Yesterday, TransCanada arranged to begin constructing its controversial Keystone XL pipeline project through South Dakota. Since Donald Trump approved the pipeline a year ago, we should take a moment to reflect on the true safety of pipelines. This project will be designed to carry crude from Alberta to refineries in Texas.
The rhetoric being fed to Americans by the politicians, contractors, and owners of the pipeline clouds the true safety concerns regarding the pipeline itself. Before Canada elected the liberal Prime Minister Justin Trudeau, his conservative predecessor Stephen Harper repeatedly visited the United States to advocate the project, as did the conservative premiers of Alberta, during which they touted the pipeline’s safety. Canada spent $16 million advertising it in Washington and New York.
The United Association, the organization of US and Canadian pipefitters, has also attempted to quell protesters of the TransCanada project by saying that the pipelines are highly safe. Danny Hendrix, a business manager with UA, has stated that a properly managed pipeline can be “a hundred-year pipeline.”
However, the track record shows a different story about the integrity of pipelines and the energy industry.
- An oil pipeline operated by Texas-based Kinder Morgan Energy Partners erupted on July 24th, 2007 in the city of Burnaby, British Columbia, spewing 234,000 liters of crude onto a residential area.
- On July 26th, 2010, a pipeline owned by Enbridge, Inc., a company based in Calgary, Alberta, ruptured and spilled over 3.2 million liters of oil into the Kalamazoo watershed in Marshal, Michigan. The cleanup took three years and cost Enbridge $820 million.
- On March 29th, 2013, an ExxonMobile pipeline transporting crude from Alberta’s oil sands exploded in Mayflower, Arkansas, spilling over 1.9 million liters and causing an evacuation of the residents of 22 homes.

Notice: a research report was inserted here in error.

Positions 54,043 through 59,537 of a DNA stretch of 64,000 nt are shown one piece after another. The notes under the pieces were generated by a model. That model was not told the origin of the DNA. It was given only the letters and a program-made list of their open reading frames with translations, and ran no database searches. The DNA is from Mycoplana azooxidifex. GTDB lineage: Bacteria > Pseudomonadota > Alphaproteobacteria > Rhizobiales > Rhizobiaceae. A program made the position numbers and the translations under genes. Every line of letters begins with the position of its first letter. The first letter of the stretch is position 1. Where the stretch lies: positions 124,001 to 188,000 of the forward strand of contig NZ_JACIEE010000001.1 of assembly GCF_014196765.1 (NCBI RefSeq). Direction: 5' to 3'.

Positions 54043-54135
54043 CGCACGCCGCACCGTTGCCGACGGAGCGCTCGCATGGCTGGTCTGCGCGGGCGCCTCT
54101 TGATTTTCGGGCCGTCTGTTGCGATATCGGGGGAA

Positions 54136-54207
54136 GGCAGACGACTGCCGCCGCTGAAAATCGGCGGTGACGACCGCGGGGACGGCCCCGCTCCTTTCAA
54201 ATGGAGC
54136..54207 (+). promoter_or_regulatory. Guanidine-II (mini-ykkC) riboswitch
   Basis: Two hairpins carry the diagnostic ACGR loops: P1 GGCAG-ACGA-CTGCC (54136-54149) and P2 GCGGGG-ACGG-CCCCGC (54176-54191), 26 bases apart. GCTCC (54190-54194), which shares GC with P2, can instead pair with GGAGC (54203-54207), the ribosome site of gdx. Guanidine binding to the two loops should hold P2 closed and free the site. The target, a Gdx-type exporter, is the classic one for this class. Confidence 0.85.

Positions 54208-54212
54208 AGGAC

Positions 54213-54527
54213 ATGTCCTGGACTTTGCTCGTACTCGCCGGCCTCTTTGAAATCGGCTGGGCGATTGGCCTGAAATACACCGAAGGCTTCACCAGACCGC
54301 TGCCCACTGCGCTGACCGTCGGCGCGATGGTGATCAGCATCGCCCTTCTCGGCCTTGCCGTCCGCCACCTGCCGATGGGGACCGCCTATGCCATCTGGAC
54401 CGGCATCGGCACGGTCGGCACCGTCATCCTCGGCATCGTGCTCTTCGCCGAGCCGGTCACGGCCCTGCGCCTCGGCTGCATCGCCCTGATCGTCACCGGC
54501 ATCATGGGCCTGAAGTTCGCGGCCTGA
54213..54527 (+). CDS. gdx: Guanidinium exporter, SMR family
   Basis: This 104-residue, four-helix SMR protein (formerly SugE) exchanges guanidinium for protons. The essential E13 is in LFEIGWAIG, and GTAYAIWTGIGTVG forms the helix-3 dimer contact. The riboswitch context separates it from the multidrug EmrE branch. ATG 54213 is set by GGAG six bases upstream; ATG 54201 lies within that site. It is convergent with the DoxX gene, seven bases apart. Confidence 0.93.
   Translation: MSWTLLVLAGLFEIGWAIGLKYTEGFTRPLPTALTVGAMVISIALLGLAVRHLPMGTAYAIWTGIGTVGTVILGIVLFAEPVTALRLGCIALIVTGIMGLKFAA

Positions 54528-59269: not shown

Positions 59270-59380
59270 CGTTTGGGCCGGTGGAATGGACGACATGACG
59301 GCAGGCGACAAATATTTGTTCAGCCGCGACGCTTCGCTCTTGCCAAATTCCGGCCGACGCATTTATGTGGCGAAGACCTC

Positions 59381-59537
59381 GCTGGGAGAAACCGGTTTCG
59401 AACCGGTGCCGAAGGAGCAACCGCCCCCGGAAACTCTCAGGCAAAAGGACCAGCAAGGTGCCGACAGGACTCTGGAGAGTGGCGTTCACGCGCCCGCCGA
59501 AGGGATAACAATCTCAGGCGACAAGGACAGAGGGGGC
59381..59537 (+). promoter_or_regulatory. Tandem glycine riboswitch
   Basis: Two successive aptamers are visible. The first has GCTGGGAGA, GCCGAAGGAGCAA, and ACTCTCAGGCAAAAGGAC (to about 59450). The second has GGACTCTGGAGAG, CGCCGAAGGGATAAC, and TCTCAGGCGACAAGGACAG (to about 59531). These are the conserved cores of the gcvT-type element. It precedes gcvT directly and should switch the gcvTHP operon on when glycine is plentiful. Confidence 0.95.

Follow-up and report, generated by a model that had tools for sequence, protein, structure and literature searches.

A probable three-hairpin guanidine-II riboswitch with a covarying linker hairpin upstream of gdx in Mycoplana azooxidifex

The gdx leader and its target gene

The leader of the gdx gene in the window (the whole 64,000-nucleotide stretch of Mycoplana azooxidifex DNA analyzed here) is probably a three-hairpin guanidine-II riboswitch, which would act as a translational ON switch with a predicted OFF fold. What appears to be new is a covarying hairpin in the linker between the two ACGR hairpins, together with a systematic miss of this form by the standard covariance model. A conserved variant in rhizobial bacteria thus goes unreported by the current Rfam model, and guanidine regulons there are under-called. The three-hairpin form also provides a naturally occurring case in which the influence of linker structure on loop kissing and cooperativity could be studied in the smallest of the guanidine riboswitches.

There are hundreds of major and minor pipeline spills in the energy industry. Enbridge had over 800 incidents between 1999 and 2010, which tallies to 25.7 million liters of oil, says the Polaris Institute, a public interest research organization in Ottawa.
Many of these incidents stem from the stability of the pipelines. Those that are under high pressure, like the Keystone pipeline, actually require the pressure of the soil surrounding it to maintain their integrity. Alberta’s Pipeline Act states that any ground disturbance greater than 30 centimeters, including the use of a shovel or rebar on personal property, requires a special permit and permission of the owner of any pipelines.
The Energy Resources Conservation Board of Alberta states that if a proposed project is within 5 meters of a pipeline, the entire pipeline must be exposed, with a radius of 2 feet on all sides supported with scaffolding, but the pipeline is too sensitive to be excavated using a backhoe or even a spade. The pipe must be exposed with a hydrovac that infuses the earth with hot water and then vacuums it away from the pipe: a process called day-lighting.
Hitting a pipeline with a backhoe or fracturing a pipeline by driving unwittingly over it is often what triggers an explosion, according to the Global Training Center in Strathmore, Alberta. The only way to locate pipelines is by using a line locator, which detects a tracer attached to the pipeline. Yet the tracers sometimes become detached from the pipelines, making their true location unknown.
Because the pipelines need to maintain constant internal and external pressure, even when no oil flows through them, there is also a risk of explosions that can cause fatal injuries. According to Alberta’s Workplace Incident Fatalities, there were 3 deaths associated with working on pipelines in Alberta in 2012 alone.
Congressman Fred Upton (R.-MI), who pushed through the Keystone Bill to circumvent President Obama from vetoing the pipeline, has famously defended the Keystone project by saying Americans are tired of paying $3.70/gal. for gasoline, despite that the average Albertan is currently paying $1.27/liter ($3.63/gal.).
Although claims on future market projections for North American crude oil appear dubious considering that the Keystone XL pipeline already exists from Alberta to Texas. The only section under debate is the Keystone XL Phase 4, which will run alongside Phase 1 through the Dakotas and Nebraska. The primary controversy of the Phase 4 pipeline is that it cuts through sensitive areas in those states. Because of the hazards pipelines pose, TransCanada found itself under fire from the Nebraska Public Safety Commission last August, who demanded why the Phase 4 must cut through environmentally sensitive areas.